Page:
McRae and the other Curve pitchers tonight (Kuchno, Smith, and DuRapau) benefited from a strong performance by their defense behind them, Barnes in particular. For example, Barnes made a spectacular sliding play in foul territory to record the first out of the ninth inning, sprinting towards the fence and putting his body on the line to make the play. He also made some plays on some line drives to left field that could have gotten interesting.
Also defensively, Reese McGuire made a great snap throw to first base to catch a runner off of the base in the fourth inning. He makes the transition from a catcher’s squat to throwing looking easy, and it is quick and effective.
Barnes led off the seventh inning with one of his doubles and came around to score for the Curve to take the lead in the seventh inning. Espinal was pinch-run for by Kevin Newman in the eighth after a single, and Newman came around to score for the decisive run for the Curve.
The Curve have now won four in a row after losing seven in a row before this past weekend. They are back in first place in the Eastern League Western standings after falling back to third in the division during their seven-game losing streak last week. -Sean McCool
Bradenton has off on Monday.
Mitch Keller did not have his best stuff on Monday night, as he got knocked out of the game after 4.1 innings and 89 pitches. Keller walked two batters for just the second time this season. He control wasn’t the best, though one of the walks was an 11-pitch battle, and the other had a very close two-strike pitch called a ball. He wasn’t getting many swing and misses in this game, finishing the day with two strikeouts. Part of the problem was that he couldn’t throw his off-speed pitches for strikes, missing the zone with most of his curves, and not going to the changeup often. He did a decent job of getting the fastball down in the zone and he was able to work the corners at times.
Keller allowed a total of four runs (three earned) on six hits. None of the hits were really well struck, with four ground balls and two bloop hits. There were actually three outs that were better struck than any of the hits. The amount of soft contact, as well as a 7:3 GO/AO ratio, were the highlights of this night for the #5 prospect in the system. However, this is the second game in a row in which he couldn’t get through five innings. We have mentioned that the Pirates intend on limiting his innings, but outings like these won’t help him because they include a lot of pitches over a short time. The Pirates consider those high stress pitches and something like today is no different than if he breezed through seven innings, even though the inning total is considerably less.
Rome picked up the 7-6 walk-off win with one out in the bottom of the ninth. The Power gave Keller a 4-0 lead early, but it was down to a one-run game by the time he left. West Virginia had plenty of base runners and a lot of chances to score in this game, as the top eight hitters in the lineup each reached base at least two times. Casey Hughston, Logan Ratledge, Mitchell Tolman and Christian Kelley all had two hits apiece. Carlos Munoz reached base all five plate appearances, drawing four walks and picking up a single in his only official at-bat. The problem for the Power was that they went 2-for-13 with runners in scoring position, and they left ten runners on base.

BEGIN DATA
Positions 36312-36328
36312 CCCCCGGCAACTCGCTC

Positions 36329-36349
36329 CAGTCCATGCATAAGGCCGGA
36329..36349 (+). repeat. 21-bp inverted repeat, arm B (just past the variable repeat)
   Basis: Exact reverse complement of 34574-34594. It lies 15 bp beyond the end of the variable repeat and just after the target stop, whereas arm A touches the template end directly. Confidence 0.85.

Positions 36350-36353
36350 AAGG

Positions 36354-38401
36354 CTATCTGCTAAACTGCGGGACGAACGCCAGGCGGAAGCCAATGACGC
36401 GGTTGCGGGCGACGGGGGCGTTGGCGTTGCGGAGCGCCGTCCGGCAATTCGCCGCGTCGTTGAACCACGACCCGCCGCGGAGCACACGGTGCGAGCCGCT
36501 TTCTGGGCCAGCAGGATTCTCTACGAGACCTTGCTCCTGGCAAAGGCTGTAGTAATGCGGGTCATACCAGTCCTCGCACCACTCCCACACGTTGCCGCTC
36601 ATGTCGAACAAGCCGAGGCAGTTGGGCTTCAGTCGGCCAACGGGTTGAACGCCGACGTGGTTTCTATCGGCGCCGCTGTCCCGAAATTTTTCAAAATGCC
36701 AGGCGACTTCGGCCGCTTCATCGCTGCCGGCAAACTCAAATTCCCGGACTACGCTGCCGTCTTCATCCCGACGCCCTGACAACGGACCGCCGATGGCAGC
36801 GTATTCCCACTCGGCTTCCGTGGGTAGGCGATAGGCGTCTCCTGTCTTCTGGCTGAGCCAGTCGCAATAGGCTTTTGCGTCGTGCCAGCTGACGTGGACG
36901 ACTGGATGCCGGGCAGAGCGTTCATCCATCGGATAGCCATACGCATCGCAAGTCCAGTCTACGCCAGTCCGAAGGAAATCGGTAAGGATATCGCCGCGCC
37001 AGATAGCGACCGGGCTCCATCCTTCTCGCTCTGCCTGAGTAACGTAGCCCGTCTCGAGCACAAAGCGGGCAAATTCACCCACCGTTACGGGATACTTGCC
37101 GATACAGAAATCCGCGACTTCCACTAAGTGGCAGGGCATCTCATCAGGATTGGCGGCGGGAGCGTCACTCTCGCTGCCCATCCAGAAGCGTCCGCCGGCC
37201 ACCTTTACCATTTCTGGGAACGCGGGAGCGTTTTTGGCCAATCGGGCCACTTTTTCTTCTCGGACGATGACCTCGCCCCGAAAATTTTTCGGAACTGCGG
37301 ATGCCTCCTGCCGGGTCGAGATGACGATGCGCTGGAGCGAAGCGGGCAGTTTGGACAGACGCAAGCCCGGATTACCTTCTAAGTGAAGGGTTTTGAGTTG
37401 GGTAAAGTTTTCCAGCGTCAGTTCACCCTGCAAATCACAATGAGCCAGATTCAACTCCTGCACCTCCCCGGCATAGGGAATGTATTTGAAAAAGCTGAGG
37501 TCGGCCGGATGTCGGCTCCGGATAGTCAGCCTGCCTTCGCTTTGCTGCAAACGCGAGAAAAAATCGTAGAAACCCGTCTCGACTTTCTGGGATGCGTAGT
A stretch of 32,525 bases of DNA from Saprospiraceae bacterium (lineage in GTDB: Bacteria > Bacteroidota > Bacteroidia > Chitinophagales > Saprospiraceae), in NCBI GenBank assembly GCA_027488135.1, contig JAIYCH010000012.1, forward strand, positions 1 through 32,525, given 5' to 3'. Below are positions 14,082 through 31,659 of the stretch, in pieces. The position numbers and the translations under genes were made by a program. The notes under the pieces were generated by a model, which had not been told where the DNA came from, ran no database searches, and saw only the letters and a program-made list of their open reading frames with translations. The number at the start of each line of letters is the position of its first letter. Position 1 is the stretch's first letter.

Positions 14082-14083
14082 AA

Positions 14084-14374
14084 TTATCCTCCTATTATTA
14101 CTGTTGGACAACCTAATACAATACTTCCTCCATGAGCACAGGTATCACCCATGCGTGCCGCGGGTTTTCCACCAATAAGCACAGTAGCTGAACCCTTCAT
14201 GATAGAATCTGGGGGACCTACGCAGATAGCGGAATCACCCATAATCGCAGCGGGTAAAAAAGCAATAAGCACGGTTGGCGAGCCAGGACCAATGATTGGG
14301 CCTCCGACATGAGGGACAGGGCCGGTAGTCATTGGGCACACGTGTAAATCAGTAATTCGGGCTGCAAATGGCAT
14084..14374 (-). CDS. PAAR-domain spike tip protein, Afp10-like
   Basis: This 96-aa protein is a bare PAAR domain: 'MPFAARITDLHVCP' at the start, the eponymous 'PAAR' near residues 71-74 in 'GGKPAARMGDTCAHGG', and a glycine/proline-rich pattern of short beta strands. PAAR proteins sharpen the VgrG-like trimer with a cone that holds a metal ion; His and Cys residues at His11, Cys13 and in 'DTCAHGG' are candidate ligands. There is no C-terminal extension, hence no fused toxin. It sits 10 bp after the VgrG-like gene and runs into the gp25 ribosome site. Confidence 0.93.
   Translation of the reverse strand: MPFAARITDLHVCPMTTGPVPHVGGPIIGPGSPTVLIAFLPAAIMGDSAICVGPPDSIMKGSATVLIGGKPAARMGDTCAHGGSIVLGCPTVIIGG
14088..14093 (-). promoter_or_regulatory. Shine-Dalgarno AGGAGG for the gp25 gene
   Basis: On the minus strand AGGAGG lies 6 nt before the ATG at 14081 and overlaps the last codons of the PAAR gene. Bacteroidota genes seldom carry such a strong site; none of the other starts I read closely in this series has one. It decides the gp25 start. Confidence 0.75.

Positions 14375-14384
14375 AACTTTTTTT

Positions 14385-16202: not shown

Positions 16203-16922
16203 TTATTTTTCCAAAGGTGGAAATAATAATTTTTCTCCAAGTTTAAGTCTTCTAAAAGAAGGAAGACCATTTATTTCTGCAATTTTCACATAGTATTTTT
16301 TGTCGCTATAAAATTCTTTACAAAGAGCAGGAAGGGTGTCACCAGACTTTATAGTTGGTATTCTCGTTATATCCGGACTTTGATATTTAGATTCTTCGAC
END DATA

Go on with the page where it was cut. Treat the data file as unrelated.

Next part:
Morgantown had their game postponed due to rain. They will play a doubleheader tomorrow.
Bristol went down 7-0 in the second inning, but ended up making a game of it on Monday night, ultimately losing 9-6 to Burlington. Starter Nestor Oronel got knocked out early, giving up seven runs on eight hits, a walk, and a hit batter. I don’t always check the Game Score for pitchers, but I’ve never noticed a negative number before tonight, as Oronel finished with a -1. Three relievers followed him and kept the game close, allowing two runs over 6.1 innings. The Pirates scored five runs in the sixth and one in the seventh to pull within one run.
On offense, Alexis Bastardo had three hits, drove in two runs and scored once. Adrian Valerio had two singles, a run and an RBI. Jhoan Herrera didn’t figure in any of the scoring, but he did have two singles and drew a walk. Garrett Brown collected his third triple and scored a run. Huascar Fuentes scored twice, while Michael de la Cruz drew two walks.
Nick Kingham made his fourth rehab start for the GCL Pirates on Monday and reached five innings for the first time. He also ran into some trouble for the first time. In his first three starts, Kingham went three innings once, then built up to four innings for his next two starts. That’s the progression the Pirates use for rehab pitchers, following those games up with two five inning outings. Monday was the first time Kingham went five frames, but that is where he will be capped this season.
Since he is capped at five innings, Kingham may make his next start for Bradenton (his next scheduled stop), instead of going five innings one more time in the GCL before joining the Marauders. My best guess is that he will go in the GCL one final time. That’s because he will likely go again on Saturday and the Marauders are on the road, while the GCL team will be at home. Rehab starts at the upper levels are usually made during home games if possible.